We mourn the tragic mass murders that happened in Nova Scotia. This loss of 22 lives, as well as the impact on those who were injured on April 18 and 19, is difficult to contemplate. Of course, its impacts are reverberating across families, communities, and regions.
As more information is released, themes of this case seem to echo themes of other massacres in the past. The particulars of every situation are unique, but there is an undeniable thread that runs through many of the mass murders that have occurred in Canada: they are often connected to domestic and gender-based violence and misogyny.
The Nova Scotia shootings started with a violent episode against a woman. Think of the other cases we’re reminded of: the Montreal Massacre on December 6, 1989; the Toronto van attack on April 23, 2018; and the shooting of eight people in Edmonton on December 29, 2014, to name a few. Many were marked and motivated by abuse and hatred of women.
To put it plainly: men who harm women in their lives, who hate women they know and don’t know and carry sexist attitudes around with them, are dangerous to all of us.
For years, advocates have debunked the myth that incidents of gendered violence are “between him and her.” They’ve done it to break silence and encourage us to treat abuse behind closed doors as seriously as we treat abuse in public. They’ve also done it to underscore that our sexist behaviours and attitudes, those we internalize as individuals and manifest in the communities in which we live, have real consequences. Right up to injury and loss of life.
Mass killings are a rarity. But murder of women by their intimate partners is not: it happens every six days in Canada on average. Sexual harassment and assault, emotional and physical partner violence, and disrespect and abuse of women in digital and real-life spaces are also common occurrences. Given the fact that mass murder and gender-based violence are so interconnected, it stands to reason that eliminating the more common forms of gender-based violence and the sexism they are rooted in will also help prevent mass murder.
It’s similar for acts of violence and mass murders motivated by racism, xenophobia, heterosexism, and the like. Acting to reduce the more common expressions of these forms of discrimination will help reduce the most extreme expressions.
There are many details to unpack in each case of mass killings. It’s perfectly valid to examine them from different lenses, for instance, from psychological, sociological, or health perspectives. Each will uncover unique considerations and nuances. But analyzing these cases for the sake of analysis only gets us so far. What interventions will actually help end mass murders in Canada? Here are a few.
1. Significant investment in gender-based prevention efforts that address this pervasive problem in families, neighbourhoods, workplaces, and our society at large, all couched within a National Action Plan on Gender-Based Violence. This violence is a big social problem. It requires big, transformative solutions.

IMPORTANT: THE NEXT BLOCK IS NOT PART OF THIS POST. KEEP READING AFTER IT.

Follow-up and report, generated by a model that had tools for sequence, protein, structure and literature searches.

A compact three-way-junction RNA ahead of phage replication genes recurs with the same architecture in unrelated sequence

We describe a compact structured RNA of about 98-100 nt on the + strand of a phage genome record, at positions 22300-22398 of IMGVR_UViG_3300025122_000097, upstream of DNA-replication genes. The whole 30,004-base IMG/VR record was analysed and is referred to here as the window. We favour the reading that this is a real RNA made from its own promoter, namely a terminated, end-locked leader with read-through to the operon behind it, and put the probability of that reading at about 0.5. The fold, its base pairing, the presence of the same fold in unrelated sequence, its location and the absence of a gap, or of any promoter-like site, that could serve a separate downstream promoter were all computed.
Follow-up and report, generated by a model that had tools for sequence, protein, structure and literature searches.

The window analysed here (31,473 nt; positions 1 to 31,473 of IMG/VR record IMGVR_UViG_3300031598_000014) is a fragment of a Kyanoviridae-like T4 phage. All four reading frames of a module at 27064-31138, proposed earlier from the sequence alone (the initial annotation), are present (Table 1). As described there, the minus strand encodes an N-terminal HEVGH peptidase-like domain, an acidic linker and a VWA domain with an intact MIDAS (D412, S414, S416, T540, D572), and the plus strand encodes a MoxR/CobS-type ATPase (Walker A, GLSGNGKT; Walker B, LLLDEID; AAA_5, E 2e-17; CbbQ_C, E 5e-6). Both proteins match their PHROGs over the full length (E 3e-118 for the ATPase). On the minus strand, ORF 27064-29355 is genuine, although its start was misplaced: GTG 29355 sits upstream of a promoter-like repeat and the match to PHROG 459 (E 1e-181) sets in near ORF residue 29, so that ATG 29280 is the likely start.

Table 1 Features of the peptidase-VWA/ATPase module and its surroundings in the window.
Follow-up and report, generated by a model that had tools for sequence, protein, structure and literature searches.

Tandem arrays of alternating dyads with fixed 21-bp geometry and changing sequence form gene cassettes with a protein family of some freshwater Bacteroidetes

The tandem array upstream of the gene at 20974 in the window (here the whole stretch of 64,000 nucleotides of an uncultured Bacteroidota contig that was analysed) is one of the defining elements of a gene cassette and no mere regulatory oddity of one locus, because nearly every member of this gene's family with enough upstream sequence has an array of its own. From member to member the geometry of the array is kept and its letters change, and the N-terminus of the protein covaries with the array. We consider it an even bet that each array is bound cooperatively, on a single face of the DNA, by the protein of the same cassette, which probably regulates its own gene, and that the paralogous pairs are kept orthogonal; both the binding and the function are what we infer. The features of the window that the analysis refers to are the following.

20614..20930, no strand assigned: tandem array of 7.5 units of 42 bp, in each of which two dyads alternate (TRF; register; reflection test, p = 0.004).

2. Along with prevention, our country needs to fund interventions on gender-based violence to meet the scope of the true need. Violence interventions like shelters and crisis lines have been sorely underfunded for years. Sexual assault support services, for instance, continue to be swamped with requests and are not equipped to respond to the full need. In addition to helping those who are victimized, we also need to have excellent interventions like programs for young witnesses of violence and programs to help abusers stop abusing people.
3. Robust gun control to reduce access to guns. The fact is that countries with more guns have more gun deaths, and rates of murder in domestic violence incidents increase when there’s a firearm in the home. As the Coalition for Gun Control says, a national ban on handgun and assault weapons is necessary, and “evidence is strong worldwide that industrialized countries with strong laws are safer from gun violence.”
4. Ongoing commitment to apply an intersectional gender analysis and human rights lens in governance and policy making. What is the point of governance and policy if they don’t work to make vulnerable people less vulnerable? When applied right, this lens will help make equality we have on paper come alive in lived equity. For women, it would necessarily lead to governmental focus on affordable childcare, safe housing, closing the gender pay gap, and more.
The Facts about Gender-Based Violence
The Facts about Online Hate and Cyberviolence Against Women and Girls in Canada
Remembering Lives Cut Short: 30th Anniversary of Montreal Massacre
Gun Violence Against Women and Girls is Preventable